Legislation passed through parliament yesterday that followed through on a promise by “the world’s greatest treasurer” Wayne Swan that Government bonds will be listed for the retail market (I nearly said the ASX but now we have to be generic as we have Chi-X as well). the Treasurer took his time getting the legislation together but now we have it in place.
We have not had a developed retail bond market in this country and the need had been suggested frequently but with low interest rates worldwide in the 2000s nobody was in a rush to promote it beyond the discussion stage. For a decaede the banks found it easier to borrow cheaply overseas and the surplus experienced by previous governments saw them reducing debt rather than developing the market. The typical Australian investor was not interested either as the year on year growth in share values compounded by the addition of franked dividends made a poor case for bonds
Then, you guessed it, the GFC came along and the tables turned, market volatility became the norm, growth disappeared, risk became a dirty word and sources of overseas finance disappeared for some time before reappearing but with a much higher spread from new issues. Investors, especially the new growing SMSF sector, scurried towards “The Guarantee”. The amount of cash raised as result of the chase for certainty of return cannot be under-estimated, even as rates dropped.
The opportunity to invest in government debt, both federal, state and the securitised debt of our major blue-chip companies would, you would think, be an attractive asset allocation for risk shy investors including SMSF trustees.
But take a look at the current yields on Australian Government Bonds, which you can see in the table below, and it is clear that they are struggling to get over 3.12% for the 10 year and lower still for shorter durations.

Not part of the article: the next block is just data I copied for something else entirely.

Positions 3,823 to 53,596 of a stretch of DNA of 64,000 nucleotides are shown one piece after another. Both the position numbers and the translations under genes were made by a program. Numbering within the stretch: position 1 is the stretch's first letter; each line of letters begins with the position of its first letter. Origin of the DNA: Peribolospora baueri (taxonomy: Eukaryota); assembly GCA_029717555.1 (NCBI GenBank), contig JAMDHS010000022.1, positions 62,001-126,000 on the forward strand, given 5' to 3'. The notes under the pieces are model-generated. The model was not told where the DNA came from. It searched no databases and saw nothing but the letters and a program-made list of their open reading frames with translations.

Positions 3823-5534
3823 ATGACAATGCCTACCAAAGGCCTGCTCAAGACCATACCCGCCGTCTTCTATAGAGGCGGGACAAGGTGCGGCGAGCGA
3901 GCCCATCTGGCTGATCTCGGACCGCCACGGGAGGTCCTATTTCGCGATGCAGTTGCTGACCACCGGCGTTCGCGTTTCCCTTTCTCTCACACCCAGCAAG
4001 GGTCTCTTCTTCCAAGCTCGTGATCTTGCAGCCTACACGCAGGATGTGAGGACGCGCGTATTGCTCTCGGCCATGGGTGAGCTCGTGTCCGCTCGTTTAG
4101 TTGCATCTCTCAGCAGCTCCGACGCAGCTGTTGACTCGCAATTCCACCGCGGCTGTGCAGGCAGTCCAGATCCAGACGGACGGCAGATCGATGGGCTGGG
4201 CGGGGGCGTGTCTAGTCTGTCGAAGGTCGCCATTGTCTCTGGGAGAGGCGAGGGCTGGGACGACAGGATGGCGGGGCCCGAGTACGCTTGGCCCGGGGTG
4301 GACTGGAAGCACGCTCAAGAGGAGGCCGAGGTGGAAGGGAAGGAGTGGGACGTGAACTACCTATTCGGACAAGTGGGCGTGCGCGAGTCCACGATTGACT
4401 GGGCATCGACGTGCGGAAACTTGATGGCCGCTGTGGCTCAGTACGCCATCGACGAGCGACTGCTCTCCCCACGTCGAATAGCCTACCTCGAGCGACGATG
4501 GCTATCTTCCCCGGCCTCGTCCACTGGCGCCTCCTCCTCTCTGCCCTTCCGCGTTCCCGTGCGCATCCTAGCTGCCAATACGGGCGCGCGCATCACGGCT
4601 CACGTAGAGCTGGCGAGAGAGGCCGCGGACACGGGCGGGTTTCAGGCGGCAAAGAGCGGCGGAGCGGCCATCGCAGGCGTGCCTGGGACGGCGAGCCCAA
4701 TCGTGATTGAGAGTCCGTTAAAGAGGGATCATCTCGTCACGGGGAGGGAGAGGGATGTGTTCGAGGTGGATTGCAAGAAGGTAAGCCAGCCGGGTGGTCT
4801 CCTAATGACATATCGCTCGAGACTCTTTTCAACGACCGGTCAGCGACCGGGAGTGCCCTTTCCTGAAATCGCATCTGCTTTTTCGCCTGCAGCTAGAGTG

|Australian Government Bonds
One of the reasons for this is that our Government Bonds are in high demand from overseas governments and pension funds which, under their operating rules, must hold a high percentage of AAA securities. Guess what? There aren’t so many of those around any more, so at the moment over 80% of our Government Bonds are owned by overseas institutions. This high demand has driven down the yields significantly.
Currently it is the corporate issues that are being sought after by retail investors with credit spreads far above those available prior to the GFC and with a risk premium high enough in comparison to Term Deposit Rates and Government Bonds to be attractive. Every issue I have seen this year has been substantially over subscribed, even the ones I would not touch.
Then there are term deposits themselves which still yield 4.75%+ with a government guarantee for 5 years and are thus more or less the same as the sovereign anyway.
So, although it is good news in the long-term for the retail investment community that we will be able to access what will effectively be an investment that can be considered a “risk free” solution, I do not expect a rush to acquire the first issues as the net return after inflation of the government bond sector is simply unattractive.